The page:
So here’s how I think we do it: take a player’s home-to-first time on an infield hit. We know that’s a player running hard, and that gives us a baseline for how fast he can get down the baseline. It’s not perfect; the type of swing he takes affects how quickly he gets out of the box. (For this reason, exclude bunts.)

Then find the same player hitting a groundball to shortstop or third base. Not to first base, because there’s only one act that must be completed successfully on a grounder to first base, and so really, don't bother. Not to pitcher, because the play is simply over too quickly. Not to second base, because grounders to second aren’t quite competitive enough. Just shortstop and third; plenty of time for a mistake to happen, plenty of time for a hustler to at least try to put pressure on the defense, plenty of time for a non-hustler to lope.

Then compare. The time on an out, divided by the time on the hit. That’s the hustle index. A good hustle index is 1. Same time, every time. That’s how you avoid these plays

that make me so mad.

To get a fair number, we probably need dozens of times for a player. We probably need official times. We don’t have those yet, but I’m willing to bet within a few years we will. Major League Baseball, to its credit and to our benefit, seems intent on taking every element of scouting and recording it at microscopic levels. I bet within a few years home-to-first times are just part of FIELDf/x or RUNf/x or some f/x. Then we’ll do this.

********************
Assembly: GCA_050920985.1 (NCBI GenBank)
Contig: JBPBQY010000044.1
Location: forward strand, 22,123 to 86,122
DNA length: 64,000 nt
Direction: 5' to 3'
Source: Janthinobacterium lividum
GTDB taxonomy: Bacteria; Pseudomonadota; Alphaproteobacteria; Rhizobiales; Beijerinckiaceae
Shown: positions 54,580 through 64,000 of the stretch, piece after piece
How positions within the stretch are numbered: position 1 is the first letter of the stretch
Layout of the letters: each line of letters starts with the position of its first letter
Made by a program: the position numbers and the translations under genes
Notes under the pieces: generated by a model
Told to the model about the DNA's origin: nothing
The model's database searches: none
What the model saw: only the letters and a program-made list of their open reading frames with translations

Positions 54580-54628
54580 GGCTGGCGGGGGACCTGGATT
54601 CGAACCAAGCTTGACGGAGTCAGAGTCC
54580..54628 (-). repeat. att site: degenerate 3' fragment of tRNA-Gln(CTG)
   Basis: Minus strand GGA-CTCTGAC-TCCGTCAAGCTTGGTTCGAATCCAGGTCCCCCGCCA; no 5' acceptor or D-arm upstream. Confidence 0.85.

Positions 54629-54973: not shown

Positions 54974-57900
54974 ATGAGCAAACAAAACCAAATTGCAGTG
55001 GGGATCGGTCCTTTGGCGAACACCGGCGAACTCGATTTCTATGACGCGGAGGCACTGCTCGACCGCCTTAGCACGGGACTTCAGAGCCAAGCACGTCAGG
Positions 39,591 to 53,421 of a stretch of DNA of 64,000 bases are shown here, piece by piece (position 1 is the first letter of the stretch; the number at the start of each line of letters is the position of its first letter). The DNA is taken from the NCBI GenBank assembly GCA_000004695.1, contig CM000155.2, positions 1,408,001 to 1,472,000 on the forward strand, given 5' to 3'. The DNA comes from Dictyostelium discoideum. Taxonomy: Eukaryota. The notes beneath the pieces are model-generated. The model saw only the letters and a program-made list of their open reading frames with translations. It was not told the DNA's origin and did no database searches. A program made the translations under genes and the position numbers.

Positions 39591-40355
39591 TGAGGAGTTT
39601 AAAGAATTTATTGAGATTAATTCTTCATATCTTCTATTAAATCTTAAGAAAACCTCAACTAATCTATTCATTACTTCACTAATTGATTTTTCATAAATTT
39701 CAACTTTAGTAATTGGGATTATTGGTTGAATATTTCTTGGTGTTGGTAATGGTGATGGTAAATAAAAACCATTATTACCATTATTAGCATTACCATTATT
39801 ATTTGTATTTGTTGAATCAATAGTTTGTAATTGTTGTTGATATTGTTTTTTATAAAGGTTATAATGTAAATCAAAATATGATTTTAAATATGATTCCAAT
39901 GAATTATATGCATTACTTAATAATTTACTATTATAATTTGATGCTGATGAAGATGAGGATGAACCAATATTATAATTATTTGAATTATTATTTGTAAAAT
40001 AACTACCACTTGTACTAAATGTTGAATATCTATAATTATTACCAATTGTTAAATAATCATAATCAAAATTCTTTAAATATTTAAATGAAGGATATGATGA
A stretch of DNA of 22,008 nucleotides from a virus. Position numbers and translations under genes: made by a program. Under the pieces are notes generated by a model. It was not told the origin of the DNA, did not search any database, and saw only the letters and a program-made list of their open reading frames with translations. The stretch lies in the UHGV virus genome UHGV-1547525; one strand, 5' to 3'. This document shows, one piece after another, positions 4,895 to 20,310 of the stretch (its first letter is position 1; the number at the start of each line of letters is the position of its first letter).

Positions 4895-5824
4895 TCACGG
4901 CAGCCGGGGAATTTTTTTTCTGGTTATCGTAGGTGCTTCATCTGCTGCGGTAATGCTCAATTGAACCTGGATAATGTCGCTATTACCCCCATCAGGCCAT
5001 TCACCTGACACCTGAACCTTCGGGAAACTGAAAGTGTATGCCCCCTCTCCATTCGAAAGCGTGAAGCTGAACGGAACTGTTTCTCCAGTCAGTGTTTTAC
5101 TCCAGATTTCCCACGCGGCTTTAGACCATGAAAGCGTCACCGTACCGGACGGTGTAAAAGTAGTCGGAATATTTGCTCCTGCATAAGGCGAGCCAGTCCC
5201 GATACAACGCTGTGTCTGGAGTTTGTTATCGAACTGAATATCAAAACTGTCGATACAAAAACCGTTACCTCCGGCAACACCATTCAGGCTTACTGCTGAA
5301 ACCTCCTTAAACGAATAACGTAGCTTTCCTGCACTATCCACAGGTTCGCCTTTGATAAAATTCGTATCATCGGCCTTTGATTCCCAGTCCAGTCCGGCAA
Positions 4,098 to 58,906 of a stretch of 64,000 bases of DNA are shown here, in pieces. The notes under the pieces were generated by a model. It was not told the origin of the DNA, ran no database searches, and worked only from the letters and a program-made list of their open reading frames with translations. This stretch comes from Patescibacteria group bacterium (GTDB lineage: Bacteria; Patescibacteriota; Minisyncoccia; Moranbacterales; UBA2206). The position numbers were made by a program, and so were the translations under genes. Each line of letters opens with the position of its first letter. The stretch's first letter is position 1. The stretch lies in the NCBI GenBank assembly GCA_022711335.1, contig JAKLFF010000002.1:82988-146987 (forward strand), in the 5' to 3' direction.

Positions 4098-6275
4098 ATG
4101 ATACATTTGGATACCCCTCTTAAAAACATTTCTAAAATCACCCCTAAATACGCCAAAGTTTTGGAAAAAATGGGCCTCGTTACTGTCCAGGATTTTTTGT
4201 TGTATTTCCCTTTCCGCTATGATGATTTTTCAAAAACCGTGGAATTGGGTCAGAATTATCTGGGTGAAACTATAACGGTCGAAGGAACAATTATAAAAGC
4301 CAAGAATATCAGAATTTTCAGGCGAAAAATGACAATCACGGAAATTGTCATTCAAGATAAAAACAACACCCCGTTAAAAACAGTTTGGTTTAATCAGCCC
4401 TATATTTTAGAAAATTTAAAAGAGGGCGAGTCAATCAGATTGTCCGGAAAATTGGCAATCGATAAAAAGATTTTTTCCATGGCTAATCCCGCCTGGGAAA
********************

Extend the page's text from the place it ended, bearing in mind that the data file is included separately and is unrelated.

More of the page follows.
For now, there’s the unreliable but fun way to do it, and that’s what I did. I timed all 10 contested infield hits on Sunday, contested meaning there was a throw to first. Then I found the first grounder to shortstop or third I could find for the same runners, excluding plays that were quite close. We're talking about only one example of each type of run here, so the results are so far from conclusive that they’re pointless, and, again, the times really are affected by swing*, and timing varies from timer to timer, and I'm not the most reliable timer, but they’re fun. They’re fun for me. Maybe they’re fun for you. Take out the rankings you made at the beginning of the piece. Here are the actual rankings, with each player’s hustle index: